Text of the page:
LLVM Clang Begins Picking Up AMX-FP16 Support For Granite Rapids

Written by Michael Larabel in Intel on 22 October 2022 at 08:44 AM EDT. 3 Comments
INTEL --
In addition to GCC landing patches this week in preparing for Grand Ridge and Sierra Forest, the LLVM/Clang open-source compiler stack has also been seeing patches to prepare for future Intel server processors.

On Friday night the initial support for Intel's AMX-FP16 instruction was merged to LLVM. AMX-FP16 was confirmed with Intel's latest programming reference manual update. The PRM update confirms as well that AMX-FP16 is being introduced with Granite Rapids server processors. Granite Rapids is the successor to Emerald Rapids, which in turn is the successor to the forthcoming Sapphire Rapids CPUs.

Sapphire Rapids introduces the Advanced Matrix Extensions (AMX) which are looking very promising but will be able to deliver independent benchmarks once having our hands on these Xeon Scalable processors and also as software support around AMX matures. With Sapphire Rapids not even ramped up yet, looking into the future with Granite Rapids there is AMX-FP16. AMX-FP16 allows for natively supporting matrix multiply on FP16 elements.


This commit to LLVM adds the initial AMX-FP16 instructions support for this open-source compiler. This is just one element of the eventual Granite Rapids support for LLVM/Clang and doesn't yet add any "-march=graniterapids" target or similar. Intel's most recent reference manual update has also confirmed PREFETCHIT0/1 as new instruction support coming to Granite Rapids.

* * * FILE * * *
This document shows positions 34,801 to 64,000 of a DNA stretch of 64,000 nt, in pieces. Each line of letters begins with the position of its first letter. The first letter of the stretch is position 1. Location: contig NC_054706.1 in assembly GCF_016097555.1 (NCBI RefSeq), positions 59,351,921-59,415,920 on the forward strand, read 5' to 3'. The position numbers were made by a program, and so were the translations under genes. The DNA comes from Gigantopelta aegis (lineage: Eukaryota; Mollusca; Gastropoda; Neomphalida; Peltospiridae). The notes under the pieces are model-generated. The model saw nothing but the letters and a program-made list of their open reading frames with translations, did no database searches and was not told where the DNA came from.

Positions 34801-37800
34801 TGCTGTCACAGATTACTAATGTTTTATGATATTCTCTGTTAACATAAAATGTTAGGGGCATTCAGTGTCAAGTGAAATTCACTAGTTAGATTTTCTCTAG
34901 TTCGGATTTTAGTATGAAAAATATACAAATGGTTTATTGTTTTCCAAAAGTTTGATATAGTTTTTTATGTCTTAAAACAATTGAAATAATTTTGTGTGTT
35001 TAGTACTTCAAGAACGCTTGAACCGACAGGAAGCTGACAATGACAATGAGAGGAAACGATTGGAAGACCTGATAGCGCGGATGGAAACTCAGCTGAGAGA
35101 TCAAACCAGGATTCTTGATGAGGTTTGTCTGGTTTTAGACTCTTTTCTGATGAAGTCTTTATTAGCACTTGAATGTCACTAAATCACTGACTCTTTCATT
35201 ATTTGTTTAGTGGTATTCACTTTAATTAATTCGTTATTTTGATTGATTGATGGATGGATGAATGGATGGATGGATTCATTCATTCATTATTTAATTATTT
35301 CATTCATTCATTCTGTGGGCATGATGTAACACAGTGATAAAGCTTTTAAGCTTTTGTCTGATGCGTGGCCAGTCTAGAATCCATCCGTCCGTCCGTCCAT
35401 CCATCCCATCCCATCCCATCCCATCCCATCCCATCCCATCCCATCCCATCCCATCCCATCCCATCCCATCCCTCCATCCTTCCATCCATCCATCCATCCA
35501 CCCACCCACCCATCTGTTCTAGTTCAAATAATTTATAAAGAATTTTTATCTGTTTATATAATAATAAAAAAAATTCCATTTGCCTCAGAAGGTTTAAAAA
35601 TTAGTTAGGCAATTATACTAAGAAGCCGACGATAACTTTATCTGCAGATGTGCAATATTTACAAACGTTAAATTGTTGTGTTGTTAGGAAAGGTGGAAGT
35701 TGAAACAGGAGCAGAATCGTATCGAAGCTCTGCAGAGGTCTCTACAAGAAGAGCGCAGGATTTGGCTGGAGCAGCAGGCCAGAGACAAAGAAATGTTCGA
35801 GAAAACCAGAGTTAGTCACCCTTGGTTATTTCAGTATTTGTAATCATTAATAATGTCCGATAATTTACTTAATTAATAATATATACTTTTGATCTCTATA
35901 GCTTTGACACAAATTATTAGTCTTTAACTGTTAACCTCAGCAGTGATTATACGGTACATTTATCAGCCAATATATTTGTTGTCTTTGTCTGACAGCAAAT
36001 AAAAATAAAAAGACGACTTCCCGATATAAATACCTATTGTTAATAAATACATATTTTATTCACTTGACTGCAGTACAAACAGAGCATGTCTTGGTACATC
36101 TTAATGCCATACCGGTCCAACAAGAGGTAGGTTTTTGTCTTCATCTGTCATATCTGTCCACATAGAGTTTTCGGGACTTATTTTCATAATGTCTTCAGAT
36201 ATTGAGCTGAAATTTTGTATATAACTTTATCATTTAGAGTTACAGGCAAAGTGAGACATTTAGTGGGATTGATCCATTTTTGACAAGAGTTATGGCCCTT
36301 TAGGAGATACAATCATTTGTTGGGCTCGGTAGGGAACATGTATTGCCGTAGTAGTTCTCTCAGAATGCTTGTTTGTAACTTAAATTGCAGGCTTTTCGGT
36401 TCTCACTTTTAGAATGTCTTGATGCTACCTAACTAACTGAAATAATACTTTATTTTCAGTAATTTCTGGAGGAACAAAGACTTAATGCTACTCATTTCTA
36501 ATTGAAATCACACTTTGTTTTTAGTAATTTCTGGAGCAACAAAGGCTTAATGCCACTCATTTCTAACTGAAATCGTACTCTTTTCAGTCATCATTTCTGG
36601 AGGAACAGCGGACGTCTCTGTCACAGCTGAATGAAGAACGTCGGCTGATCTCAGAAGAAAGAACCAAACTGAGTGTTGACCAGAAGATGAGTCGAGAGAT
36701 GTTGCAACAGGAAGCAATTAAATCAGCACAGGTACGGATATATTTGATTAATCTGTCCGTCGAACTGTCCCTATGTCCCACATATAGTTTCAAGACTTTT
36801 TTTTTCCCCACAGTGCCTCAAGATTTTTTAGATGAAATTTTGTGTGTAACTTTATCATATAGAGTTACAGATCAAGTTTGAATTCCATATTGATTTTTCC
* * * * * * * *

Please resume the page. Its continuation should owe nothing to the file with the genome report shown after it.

Meanwhile on the Linux kernel side this week, Intel engineers began posting KVM patches for exposing new CPUID bits with future Granite Rapids and Sierra Forest processors.

Granite Rapids has been talked about for launching in 2024, though given the delays with Sapphire Rapids, I wouldn't at all be surprised to see this server processor to ship in 2025 especially as we still need to get through Emerald Rapids. In any event, even if Granite Rapids ships in 2024 it's good to see Intel open-source engineers already beginning work on the compiler/toolchain and Linux kernel support along with their work on Sierra Forest and other upcoming Intel products. It's great to see their continued, very timely Linux support well ahead of product launches.
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